Food aid decision-making tool to strengthen context-specific humanitarian responses
21 May 2012
The Market Information and Food Insecurity Response Analysis (MIFIRA) decision-making tool developed by Cornell University researchers aims to help international relief organizations cater their food aid response to specific local and regional economic and social contexts. The tool builds on lessons learnt during the Indian Ocean tsunami as relief agencies sought more efficient local alternatives to international food aid.
Historically, agencies have typically sent food across the ocean in response to crises. But according to researchers at Cornell's Charles H. Dyson School of Applied Economics and Management. the 2004 Indian Ocean tsunami made policymakers rethink disaster relief strategies.
Despite the enormous loss of human life caused by the tsunami, food production and marketing systems beyond coastal areas remained largely intact, so the cash that flooded in from worldwide donors was able to be applied immediately and effectively. As a result, interest in alternatives to food aid grew considerably, and the resulting increase in choices meant that agencies needed better tools to make good choices. Thus, the Market Information and Food Insecurity Response Analysis (MIFIRA) tool was developed by a team led by Christopher Barrett, the Stephen B. and Janice G. Ashley Professor of Applied Economics and Management, with support from CARE and U.S. Agency for International Development's (USAID) Food for Peace.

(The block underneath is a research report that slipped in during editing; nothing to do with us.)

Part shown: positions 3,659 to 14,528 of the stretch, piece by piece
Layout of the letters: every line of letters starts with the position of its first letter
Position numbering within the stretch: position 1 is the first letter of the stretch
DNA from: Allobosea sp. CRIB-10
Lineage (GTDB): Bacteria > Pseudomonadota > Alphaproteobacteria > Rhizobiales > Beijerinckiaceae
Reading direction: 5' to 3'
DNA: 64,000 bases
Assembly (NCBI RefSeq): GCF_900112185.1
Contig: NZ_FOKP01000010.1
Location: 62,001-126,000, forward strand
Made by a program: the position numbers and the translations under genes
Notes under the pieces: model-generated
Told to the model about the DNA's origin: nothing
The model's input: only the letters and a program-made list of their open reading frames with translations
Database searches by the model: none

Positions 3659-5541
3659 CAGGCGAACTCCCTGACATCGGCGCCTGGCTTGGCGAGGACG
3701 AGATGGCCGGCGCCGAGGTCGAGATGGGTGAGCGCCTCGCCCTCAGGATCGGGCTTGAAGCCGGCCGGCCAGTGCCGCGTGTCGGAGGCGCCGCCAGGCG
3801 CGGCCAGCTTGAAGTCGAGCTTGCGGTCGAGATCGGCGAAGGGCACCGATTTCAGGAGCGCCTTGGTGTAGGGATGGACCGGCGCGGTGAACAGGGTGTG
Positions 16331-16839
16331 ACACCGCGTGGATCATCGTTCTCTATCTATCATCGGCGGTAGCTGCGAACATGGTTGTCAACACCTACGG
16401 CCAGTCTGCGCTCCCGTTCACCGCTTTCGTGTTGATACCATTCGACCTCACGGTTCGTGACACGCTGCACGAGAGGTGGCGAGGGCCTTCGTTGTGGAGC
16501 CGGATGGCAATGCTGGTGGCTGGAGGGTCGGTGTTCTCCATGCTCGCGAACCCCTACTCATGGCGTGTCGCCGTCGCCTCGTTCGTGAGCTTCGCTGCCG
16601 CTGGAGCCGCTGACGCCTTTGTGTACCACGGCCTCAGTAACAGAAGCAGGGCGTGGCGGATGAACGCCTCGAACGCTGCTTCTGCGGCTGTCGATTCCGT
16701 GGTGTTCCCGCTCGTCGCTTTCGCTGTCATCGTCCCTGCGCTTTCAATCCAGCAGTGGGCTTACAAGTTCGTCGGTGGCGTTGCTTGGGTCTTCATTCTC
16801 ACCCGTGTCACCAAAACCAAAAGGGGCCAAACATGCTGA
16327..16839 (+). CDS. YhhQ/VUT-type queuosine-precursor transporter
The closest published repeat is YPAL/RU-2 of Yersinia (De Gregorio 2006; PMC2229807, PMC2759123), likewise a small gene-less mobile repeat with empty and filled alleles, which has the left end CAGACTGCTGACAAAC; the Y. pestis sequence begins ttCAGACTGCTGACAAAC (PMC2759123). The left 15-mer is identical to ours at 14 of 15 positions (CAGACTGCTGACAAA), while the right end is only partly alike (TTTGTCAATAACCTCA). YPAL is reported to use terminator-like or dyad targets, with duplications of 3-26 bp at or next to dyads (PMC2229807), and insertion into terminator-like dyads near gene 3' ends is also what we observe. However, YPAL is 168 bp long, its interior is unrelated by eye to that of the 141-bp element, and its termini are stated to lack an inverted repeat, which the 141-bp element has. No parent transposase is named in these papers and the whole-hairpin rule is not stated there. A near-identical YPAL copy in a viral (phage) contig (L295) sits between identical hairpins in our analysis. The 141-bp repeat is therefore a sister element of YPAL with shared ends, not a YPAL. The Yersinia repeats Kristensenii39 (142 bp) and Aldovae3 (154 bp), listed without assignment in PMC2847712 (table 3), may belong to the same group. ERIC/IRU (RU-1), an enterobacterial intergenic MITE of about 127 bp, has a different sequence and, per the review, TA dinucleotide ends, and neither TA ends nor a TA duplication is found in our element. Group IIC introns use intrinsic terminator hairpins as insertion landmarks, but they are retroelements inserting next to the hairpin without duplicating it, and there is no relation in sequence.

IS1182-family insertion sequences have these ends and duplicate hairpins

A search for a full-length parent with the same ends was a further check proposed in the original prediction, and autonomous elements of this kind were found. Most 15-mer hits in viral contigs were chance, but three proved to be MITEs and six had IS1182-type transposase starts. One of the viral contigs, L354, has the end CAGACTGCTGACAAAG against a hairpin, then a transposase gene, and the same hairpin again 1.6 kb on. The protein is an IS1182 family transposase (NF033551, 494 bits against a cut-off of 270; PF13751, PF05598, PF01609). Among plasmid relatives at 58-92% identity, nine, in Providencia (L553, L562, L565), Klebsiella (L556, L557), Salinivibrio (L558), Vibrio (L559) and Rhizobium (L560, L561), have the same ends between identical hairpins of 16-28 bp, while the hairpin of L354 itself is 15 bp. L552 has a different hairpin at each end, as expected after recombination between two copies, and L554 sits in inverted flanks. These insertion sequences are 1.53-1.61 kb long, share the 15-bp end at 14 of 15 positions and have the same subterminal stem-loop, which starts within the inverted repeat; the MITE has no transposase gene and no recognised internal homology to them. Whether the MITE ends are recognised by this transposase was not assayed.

First proposed in 2009 in the journal Food Security, it has been used in Bangladesh, Malawi, Ethiopia, Kenya and Afghanistan, by such agencies such as the United Nations Food and Agriculture Organization and USAID.
MIFIRA takes into account not only the impact of food security in affected communities, but also the way food aid responses could impact them further.
For example, giving money to a community instead of wheat could mean more people will seek to purchase rice. Could local vendors support this new demand? Would it result in increased prices, creating a whole new group of food-insecure people?
The MIFIRA process starts by asking one main question: Are local markets functioning well? If the answer is yes, then cash transfers should be considered. A series of other questions follow, to further hone assistance strategy and assess the potential for negative impacts.Search Terms case studies policy humanitarian sector analytical frameworks toolkits community empowerment